It’s Christmas Day. Little Andy tears off wrapping paper to reveal Optimus Prime. He smiles as the large robot toy comes to life with flashes and beeps. Andy’s parents’ expressions, however, are more pained grimaces than smiles as the toy twirls away.
A few minutes later, Andy discards the toy and begins unwrapping the rest of his presents, extracting each box from under the tree, one by one—some long, some tall, some heavy, some light. Each box reveals a new toy. Each shred of green-and-red wrapping paper, a flash of happiness.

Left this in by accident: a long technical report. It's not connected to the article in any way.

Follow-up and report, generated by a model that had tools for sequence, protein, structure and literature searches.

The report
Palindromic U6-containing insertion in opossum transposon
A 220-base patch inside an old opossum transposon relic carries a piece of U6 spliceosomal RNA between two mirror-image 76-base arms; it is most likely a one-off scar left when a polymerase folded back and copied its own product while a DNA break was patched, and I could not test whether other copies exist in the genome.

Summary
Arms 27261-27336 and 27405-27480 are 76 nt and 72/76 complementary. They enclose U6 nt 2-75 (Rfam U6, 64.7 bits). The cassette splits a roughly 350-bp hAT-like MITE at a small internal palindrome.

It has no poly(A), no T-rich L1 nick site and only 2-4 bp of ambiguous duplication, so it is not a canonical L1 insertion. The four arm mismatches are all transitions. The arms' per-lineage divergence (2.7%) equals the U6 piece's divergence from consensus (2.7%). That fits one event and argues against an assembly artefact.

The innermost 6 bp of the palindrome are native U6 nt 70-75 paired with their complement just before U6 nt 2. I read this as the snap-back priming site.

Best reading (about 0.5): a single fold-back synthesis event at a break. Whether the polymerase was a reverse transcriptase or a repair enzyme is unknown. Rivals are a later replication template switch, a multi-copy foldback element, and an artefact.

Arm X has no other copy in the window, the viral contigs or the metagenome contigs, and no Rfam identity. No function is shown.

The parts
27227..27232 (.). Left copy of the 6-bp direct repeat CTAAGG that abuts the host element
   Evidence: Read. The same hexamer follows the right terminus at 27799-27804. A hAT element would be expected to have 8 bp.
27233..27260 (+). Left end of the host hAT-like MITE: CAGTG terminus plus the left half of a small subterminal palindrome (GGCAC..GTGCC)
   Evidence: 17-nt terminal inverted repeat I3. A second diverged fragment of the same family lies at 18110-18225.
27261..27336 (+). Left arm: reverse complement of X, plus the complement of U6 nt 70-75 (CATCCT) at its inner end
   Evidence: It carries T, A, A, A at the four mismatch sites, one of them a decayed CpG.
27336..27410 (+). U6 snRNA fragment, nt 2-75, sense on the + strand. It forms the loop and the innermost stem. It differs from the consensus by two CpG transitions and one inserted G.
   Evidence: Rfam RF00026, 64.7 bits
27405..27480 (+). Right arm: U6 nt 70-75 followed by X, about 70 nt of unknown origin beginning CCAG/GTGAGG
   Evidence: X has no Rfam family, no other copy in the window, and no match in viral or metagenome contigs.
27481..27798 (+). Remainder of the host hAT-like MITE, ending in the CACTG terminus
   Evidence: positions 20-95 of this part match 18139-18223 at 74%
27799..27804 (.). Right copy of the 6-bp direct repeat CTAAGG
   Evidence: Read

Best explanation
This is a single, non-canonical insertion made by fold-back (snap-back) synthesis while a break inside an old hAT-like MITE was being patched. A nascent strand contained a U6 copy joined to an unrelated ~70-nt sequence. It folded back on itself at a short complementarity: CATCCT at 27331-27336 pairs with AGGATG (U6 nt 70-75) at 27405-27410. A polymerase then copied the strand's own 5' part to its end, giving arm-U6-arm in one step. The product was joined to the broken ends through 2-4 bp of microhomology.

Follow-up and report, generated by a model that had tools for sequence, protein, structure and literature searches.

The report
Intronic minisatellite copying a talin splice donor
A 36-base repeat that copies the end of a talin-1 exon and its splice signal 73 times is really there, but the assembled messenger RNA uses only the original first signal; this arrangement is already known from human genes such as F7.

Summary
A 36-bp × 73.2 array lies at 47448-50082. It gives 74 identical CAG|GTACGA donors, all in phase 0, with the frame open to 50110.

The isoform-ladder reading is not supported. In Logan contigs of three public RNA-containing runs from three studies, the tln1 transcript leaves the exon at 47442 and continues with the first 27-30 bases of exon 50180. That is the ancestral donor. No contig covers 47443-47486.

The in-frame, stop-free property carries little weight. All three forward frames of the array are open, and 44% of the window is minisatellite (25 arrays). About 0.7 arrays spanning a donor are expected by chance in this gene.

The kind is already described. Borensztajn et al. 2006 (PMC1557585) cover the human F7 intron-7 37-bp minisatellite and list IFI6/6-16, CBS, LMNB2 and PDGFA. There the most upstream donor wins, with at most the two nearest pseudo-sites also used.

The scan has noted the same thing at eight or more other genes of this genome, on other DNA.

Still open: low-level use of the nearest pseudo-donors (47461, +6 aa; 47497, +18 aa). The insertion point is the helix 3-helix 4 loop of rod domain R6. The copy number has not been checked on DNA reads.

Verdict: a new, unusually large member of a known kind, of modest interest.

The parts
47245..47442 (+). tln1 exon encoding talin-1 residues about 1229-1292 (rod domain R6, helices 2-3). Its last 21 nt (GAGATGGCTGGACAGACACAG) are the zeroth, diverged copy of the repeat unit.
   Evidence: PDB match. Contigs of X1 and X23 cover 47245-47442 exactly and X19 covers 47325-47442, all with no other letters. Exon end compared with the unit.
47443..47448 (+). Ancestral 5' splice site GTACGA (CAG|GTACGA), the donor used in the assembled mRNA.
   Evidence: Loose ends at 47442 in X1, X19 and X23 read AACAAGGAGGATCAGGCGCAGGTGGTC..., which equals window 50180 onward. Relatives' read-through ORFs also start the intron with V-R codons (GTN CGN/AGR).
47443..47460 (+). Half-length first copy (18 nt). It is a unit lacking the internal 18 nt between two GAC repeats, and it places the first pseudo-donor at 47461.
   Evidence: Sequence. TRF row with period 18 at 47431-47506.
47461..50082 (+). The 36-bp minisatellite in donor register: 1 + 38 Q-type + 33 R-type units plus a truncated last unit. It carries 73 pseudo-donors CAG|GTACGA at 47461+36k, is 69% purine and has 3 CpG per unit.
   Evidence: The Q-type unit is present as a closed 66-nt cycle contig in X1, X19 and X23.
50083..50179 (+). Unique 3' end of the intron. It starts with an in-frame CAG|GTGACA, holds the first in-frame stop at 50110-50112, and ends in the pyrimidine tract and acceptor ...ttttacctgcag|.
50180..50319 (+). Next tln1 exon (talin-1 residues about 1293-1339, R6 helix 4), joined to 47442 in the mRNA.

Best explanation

An hour later, however, little Andy is crying hysterically. Based on his fits, this has undoubtedly been the Worst. Christmas. Ever. Sure, Andrew received many of the things on his list—but he’s far more concerned with what he didn’t receive. The toys in front of him simply remind him of what he doesn’t have.
Sounds childish, but we do the same thing: we look at things around us and want more. We covet the neighbor’s new car, the co-worker’s new clothes, the friend’s new iPhone.
What if Andy was happy with the toys in front of him? What if we were, too?
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